a story lives forever
Sign in
Form submission failed!

Stay signed in

Recover your password?
Form submission failed!

Web of Stories Ltd would like to keep you informed about our products and services.

Please tick here if you would like us to keep you informed about our products and services.

I have read and accepted the Terms & Conditions.

Please note: Your email and any private information provided at registration will not be passed on to other individuals or organisations without your specific approval.

Video URL

You must be registered to use this feature. Sign in or register.


The case of the colour-blind painter


An opera based on The Twins
Oliver Sacks Scientist
Comments (0) Please sign in or register to add comments

After Hat was published, I got a letter from a woman telling me of the thrilling performance of a... of an opera called The Twins at the Edinburgh Festival. An opera based on my piece, The Twins. And I was taken aback because I had not been approached for any such opera. And... Colin said he was sorry, he'd forgotten to let me know and to seek permission, but he was sure I would like it, so I said, 'I'm sure too, but let me listen to the opera and get the libretto'. Something which I regret is that I... I stopped it. I stopped it because there was something in the libretto I didn't like, and what I didn't like was an amplification of something I didn't like in my own work. I had described the twins as having extremely myopic eyes and spectacles, and sort of peering around, and having very thick spectacles, and in the libretto they were wearing small telescopes over their eyes, and... I've... I've always been sensitive, and people are sensitive, about physical description and this was what one patient had objected to in the book of Awakenings, but I... it may have been... it may have been a work of art and I... I would not want to stand in the way of a work of art.

It was at the time that I was approached for an opera based on The Man Who Mistook His Wife for a Hat and I... I couldn't imagine what that would be like, and then [Michael] Nyman, the composer, said he would show me a treatment. In fact, he showed me the complete opera the next day, and so he had obviously done it and... and sort of assumed I would like it. I said to the librettist [Christopher Rawlence] that it was very important that he... he speak to Mrs P, the woman who would be mistaken for a hat, to see whether it would be okay for... for him to write a libretto. In fact, a very nice, warm, very cordial relation sprang up between Chris and Mrs P, and she occupies a much more important place in the opera than she does in my account. I was scared and anxious... very, very tense when the opera was performed here in New York and Mrs P was sitting there. I was watching... watching from the aisles and interpreting, or misinterpreting every expression on her face and every movement, but then she came out, and Nyman was there, and Chris, and she... she said, 'You've done honour to my husband', and I... I loved that, and it made me feel we hadn't taken advantage or misrepresented in any way. I hope I can do honour to patients and that operas or plays or whatever, films which are inspired by my work that will also do honour to the patients. But I have a bad feeling about... about The Twins. They themselves were severely impaired intellectually and would not have comprehended.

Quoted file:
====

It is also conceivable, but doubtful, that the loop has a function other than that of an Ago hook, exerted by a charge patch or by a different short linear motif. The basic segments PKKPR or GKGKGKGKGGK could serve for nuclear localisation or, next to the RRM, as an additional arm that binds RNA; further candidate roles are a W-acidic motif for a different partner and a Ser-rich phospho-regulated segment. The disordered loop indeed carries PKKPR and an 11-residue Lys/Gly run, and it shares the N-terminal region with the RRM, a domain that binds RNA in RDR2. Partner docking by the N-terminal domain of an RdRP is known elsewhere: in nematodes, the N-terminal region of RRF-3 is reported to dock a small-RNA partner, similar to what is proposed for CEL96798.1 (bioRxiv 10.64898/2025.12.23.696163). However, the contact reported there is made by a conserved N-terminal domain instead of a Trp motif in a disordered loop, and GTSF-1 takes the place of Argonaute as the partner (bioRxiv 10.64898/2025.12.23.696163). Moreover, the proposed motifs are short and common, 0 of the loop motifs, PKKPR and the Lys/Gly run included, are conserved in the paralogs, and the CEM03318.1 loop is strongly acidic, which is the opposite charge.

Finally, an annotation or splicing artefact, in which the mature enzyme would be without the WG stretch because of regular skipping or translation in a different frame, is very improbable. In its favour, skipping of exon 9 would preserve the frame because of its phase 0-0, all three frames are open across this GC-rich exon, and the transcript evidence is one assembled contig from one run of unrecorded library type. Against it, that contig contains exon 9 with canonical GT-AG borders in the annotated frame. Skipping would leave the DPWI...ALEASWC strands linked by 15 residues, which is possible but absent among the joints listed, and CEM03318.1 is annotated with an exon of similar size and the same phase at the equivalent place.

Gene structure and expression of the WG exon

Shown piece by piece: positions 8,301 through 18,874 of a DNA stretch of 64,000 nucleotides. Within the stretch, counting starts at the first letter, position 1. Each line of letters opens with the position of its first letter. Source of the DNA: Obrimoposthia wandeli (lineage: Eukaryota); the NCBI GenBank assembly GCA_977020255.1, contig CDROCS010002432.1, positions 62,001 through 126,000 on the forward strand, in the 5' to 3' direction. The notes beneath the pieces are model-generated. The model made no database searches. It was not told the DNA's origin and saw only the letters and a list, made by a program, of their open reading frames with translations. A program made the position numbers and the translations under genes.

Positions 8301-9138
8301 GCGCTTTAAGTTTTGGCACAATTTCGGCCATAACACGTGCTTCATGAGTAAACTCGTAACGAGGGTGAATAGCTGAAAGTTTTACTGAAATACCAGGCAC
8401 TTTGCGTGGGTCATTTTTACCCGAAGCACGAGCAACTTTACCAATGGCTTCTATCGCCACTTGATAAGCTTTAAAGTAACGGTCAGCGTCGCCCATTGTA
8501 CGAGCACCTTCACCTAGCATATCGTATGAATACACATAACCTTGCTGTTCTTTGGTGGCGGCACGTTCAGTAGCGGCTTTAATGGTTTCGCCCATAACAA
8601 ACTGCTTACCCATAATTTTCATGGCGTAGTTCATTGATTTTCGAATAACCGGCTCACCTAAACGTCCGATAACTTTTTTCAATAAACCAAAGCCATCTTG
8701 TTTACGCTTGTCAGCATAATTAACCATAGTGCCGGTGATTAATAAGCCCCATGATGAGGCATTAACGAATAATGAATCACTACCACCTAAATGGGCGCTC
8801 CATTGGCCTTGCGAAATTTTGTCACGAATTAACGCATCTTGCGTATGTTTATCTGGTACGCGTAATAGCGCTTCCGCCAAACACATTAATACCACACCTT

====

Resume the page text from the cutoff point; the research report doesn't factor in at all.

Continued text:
Oliver Sacks (1933-2015) was born in England. Having obtained his medical degree at Oxford University, he moved to the USA. There he worked as a consultant neurologist at Beth Abraham Hospital where in 1966, he encountered a group of survivors of the global sleepy sickness of 1916-1927. Sacks treated these patients with the then-experimental drug L-Dopa producing astounding results which he described in his book Awakenings. Further cases of neurological disorders were described by Sacks with exceptional sympathy in another major book entitled The Man Who Mistook His Wife For A Hat which became an instant best seller on its publication in 1985. His other books drew on his rich experiences as a neurologist gleaned over almost five decades of professional practice. Sacks's work was recognized by prestigious institutions which awarded him numerous honours and prizes. These included the Lewis Thomas Prize given by Rockefeller University, which recognizes the scientist as poet. He was an honorary fellow of both the American Academy of Arts and Letters and the American Academy of Arts and Sciences, and held honorary degrees from many universities, including Oxford, the Karolinska Institute, Georgetown, Bard, Gallaudet, Tufts, and the Catholic University of Peru.

Listeners: Kate Edgar

Kate Edgar, previously Managing Editor at the Summit Books division of Simon and Schuster, began working with Oliver Sacks in 1983. She has served as editor and researcher on all of his books, and has been closely involved with various films and adaptations based on his work. As friend, assistant, and collaborator, she has accompanied Dr Sacks on many adventures around the world, clinical and otherwise.

Tags: The Man Who Mistook His Wife for a Hat, The Twins, Awakenings, Colin Haycraft, Michael Nyman, Christopher Rawlence

Duration: 4 minutes, 26 seconds

Date story recorded: September 2011

Date story went live: 02 October 2012